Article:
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UBS: Our Risk Systems Did Detect $2bn Rogue Trader 151

Posted by timothy
from the meant-to-do-that-says-pee-wee dept.
A few weeks ago, UBS employee Kweku Adoboli (universally described as a "rogue trader") ran up a $2 billion loss for his employer; many readers wondered how it is the systems which allow trades to happen at all aren't better tuned to catch such massive cash flows without triggering alerts. Now, reader DMandPenfold submits a report from Computerworld UK in which the bank claims that such triggers were in place — they were simply not acted on. From the article: "UBS has insisted its IT systems did detect unusual and unauthorised trading activity, Interim chief executive Sergio Ermotti, who is running the company following Oswald Grubel's resignation last month, sent a memo to employees saying the bank is aware that its systems did detect the rogue activity. In the memo, Ermotti wrote: 'Our internal investigation indicates that risk and operational systems did detect unauthorised or unexplained activity but this was not sufficiently investigated nor was appropriate action taken to ensure existing controls were enforced.'"
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UBS: Our Risk Systems Did Detect $2bn Rogue Trader

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  • by quarterbuck (1268694) on Thursday October 06, 2011 @03:04PM (#37630144)
    Nick Leeson did not work in IT according to his biography [nickleeson.com] or according to Wiki.
    He used an error account, which he realized was unaudited, but that is something you pick up from being a trader or an auditor- not necessarily IT. These things are common in investment banks/brokerages which have a lot of accounts and client trades and errors need to be isolated in an account that does not belong to a client. ie. if a client asked to buy 100 pork belly contracts and you bought him lean hogs instead, you need a place to dump the pork bellies you bought. It does not mean a "test account" in the IT sense.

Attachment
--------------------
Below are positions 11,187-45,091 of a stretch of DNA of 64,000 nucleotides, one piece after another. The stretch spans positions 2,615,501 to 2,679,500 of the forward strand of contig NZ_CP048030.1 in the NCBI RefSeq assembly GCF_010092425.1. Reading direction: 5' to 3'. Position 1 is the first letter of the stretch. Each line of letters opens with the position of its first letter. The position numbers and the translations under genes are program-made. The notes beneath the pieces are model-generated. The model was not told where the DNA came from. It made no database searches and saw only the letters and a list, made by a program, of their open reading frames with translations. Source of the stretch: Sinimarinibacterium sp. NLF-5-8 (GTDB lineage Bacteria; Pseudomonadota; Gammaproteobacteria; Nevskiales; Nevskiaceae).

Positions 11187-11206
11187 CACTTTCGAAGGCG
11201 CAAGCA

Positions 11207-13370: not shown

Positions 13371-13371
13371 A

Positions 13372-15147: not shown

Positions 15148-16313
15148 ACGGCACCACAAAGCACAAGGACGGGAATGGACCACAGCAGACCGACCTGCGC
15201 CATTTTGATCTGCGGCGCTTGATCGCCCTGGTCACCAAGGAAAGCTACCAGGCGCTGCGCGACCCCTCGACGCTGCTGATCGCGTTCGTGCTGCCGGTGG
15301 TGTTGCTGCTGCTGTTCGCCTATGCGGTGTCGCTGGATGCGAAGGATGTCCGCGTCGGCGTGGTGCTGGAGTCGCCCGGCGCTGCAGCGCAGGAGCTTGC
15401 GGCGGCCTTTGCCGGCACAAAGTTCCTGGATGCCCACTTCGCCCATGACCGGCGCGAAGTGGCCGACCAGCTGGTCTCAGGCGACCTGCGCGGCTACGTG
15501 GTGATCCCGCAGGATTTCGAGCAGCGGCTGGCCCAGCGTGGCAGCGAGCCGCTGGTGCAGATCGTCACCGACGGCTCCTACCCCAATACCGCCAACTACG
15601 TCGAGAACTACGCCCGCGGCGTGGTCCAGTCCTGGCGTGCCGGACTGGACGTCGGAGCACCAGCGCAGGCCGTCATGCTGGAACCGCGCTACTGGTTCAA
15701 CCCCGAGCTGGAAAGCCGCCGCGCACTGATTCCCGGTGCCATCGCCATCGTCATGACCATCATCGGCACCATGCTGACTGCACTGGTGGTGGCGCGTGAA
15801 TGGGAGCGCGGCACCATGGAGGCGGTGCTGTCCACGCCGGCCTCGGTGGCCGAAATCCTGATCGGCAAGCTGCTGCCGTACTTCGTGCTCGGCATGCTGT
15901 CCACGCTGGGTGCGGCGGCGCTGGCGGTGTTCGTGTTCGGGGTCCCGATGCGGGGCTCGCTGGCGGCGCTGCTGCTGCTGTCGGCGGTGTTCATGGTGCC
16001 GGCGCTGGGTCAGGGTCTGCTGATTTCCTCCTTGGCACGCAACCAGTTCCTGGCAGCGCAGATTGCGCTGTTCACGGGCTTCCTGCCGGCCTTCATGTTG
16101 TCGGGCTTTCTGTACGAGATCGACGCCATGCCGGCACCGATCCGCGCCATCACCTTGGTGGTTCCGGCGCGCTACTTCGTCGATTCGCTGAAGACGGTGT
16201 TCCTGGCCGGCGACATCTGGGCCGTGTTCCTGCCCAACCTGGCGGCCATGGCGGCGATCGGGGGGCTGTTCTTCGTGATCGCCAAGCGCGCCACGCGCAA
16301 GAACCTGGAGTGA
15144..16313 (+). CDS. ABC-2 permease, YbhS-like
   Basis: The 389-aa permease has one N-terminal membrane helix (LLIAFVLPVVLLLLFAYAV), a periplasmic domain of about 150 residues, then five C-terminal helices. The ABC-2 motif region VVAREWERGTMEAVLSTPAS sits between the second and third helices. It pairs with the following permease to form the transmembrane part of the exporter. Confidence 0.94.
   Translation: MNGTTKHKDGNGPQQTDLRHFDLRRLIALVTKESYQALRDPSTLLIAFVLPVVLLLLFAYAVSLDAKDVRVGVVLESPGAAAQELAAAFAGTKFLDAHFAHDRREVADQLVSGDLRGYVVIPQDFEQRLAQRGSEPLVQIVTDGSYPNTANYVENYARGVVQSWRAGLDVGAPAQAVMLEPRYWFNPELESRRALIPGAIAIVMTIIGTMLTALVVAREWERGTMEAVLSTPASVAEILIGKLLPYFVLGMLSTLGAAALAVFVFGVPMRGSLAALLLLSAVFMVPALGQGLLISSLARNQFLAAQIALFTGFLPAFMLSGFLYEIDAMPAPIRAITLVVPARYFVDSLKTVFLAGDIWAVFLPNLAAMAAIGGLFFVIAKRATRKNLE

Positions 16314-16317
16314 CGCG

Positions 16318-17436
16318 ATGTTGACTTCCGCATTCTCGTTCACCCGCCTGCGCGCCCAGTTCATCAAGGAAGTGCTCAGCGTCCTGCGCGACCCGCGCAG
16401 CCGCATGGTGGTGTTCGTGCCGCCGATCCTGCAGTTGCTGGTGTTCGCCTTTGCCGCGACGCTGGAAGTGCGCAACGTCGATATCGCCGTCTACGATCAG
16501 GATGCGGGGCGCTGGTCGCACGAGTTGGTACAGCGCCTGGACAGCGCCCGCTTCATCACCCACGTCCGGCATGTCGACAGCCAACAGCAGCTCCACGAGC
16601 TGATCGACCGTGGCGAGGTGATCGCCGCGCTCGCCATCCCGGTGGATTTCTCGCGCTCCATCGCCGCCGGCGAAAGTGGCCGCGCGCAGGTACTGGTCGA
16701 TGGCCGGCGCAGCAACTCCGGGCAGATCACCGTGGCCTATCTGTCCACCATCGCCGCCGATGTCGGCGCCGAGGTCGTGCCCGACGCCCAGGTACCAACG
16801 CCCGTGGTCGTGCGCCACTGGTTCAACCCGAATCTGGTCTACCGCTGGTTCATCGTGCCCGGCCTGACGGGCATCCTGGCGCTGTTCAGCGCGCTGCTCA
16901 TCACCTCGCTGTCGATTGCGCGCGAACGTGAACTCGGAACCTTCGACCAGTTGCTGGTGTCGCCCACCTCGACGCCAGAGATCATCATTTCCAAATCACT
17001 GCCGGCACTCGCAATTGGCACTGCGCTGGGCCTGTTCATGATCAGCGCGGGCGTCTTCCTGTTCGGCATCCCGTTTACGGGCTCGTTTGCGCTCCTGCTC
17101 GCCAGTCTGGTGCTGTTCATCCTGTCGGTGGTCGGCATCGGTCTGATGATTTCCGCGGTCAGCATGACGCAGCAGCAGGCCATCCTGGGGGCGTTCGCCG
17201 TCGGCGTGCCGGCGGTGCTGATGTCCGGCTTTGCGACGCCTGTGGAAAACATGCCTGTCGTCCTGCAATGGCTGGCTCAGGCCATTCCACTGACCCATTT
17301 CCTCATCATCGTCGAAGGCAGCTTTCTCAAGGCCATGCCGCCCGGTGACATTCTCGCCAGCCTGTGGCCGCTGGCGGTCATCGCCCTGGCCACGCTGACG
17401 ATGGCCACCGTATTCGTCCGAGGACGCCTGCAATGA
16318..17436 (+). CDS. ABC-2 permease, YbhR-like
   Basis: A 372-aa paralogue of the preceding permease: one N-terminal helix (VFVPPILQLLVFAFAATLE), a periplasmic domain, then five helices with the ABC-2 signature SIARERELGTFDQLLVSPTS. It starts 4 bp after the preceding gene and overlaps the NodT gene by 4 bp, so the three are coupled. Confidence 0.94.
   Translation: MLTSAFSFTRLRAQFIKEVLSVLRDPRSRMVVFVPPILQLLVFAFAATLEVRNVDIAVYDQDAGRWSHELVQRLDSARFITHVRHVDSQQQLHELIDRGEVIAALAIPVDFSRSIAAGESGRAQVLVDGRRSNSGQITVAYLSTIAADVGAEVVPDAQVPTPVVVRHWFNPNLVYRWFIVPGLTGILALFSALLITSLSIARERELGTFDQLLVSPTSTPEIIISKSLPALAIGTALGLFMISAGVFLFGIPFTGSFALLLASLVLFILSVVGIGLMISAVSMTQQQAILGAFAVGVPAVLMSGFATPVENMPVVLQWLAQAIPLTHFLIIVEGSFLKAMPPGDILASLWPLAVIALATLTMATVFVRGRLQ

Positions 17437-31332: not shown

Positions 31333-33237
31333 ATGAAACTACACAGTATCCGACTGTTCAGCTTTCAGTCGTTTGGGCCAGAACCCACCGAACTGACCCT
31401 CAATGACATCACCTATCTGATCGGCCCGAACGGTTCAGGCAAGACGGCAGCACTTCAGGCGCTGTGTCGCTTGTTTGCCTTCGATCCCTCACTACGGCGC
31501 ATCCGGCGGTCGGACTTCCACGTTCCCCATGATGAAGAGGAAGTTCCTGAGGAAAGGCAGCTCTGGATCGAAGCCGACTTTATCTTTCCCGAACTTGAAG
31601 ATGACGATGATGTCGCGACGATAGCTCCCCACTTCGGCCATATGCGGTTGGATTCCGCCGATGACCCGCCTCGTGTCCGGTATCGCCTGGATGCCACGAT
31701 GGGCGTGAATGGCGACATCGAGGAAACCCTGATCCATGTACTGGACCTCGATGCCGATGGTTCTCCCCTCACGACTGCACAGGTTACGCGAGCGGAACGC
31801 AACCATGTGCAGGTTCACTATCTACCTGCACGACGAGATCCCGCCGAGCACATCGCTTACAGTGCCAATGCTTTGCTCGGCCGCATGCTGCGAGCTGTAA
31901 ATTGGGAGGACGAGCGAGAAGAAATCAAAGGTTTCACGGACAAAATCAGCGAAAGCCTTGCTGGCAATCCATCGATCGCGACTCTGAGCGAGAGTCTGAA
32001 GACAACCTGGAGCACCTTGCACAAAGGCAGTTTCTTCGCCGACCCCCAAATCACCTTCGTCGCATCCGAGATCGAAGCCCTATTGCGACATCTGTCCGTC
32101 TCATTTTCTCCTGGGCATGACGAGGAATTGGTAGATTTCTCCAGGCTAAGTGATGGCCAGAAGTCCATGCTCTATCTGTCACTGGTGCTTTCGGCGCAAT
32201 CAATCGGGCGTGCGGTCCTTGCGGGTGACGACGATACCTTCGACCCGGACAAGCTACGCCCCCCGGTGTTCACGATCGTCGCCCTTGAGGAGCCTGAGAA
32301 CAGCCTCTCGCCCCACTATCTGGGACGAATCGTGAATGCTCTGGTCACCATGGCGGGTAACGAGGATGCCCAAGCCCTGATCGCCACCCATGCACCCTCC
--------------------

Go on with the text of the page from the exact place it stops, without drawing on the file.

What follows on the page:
• by TheLink (130905) on Thursday October 06, 2011 @03:06PM (#37630186) Journal
    The other explanation is they were hoping the trader would make money, in which case everyone would share the profits etc.

    He lost money so he's a rogue trader.
  • Re:Called it (Score:4, Informative)

    by Wansu (846) on Thursday October 06, 2011 @03:18PM (#37630364)

      Those protesters on Wall Street have a point, everyone gets hurt when the bank CEOs screw up, but those most responsible.

    Herman Cain says it's the protester's faults if they don't have job. After all, this is 2011 and what the bankers did was in 2008.

  • Re:Called it (Score:4, Informative)

    by Doc Ruby (173196) on Thursday October 06, 2011 @04:53PM (#37631890) Homepage Journal

    Actually, what Cain said yesterday [nydailynews.com] was "Don't blame Wall Street, don't blame the big banks, if you don't have a job and you're not rich, blame yourself."

    While it's arguable that not having a job is a person's own fault (a losing argument with the economy, but arguable), saying it's the fault of everyone not rich that they're not rich isn't just insane. It's the kind of institutional insanity that is driving the country into nothing but the madhouse, with a corporatocracy of Cains at the wheel.

The universe does not have laws -- it has habits, and habits can be broken.

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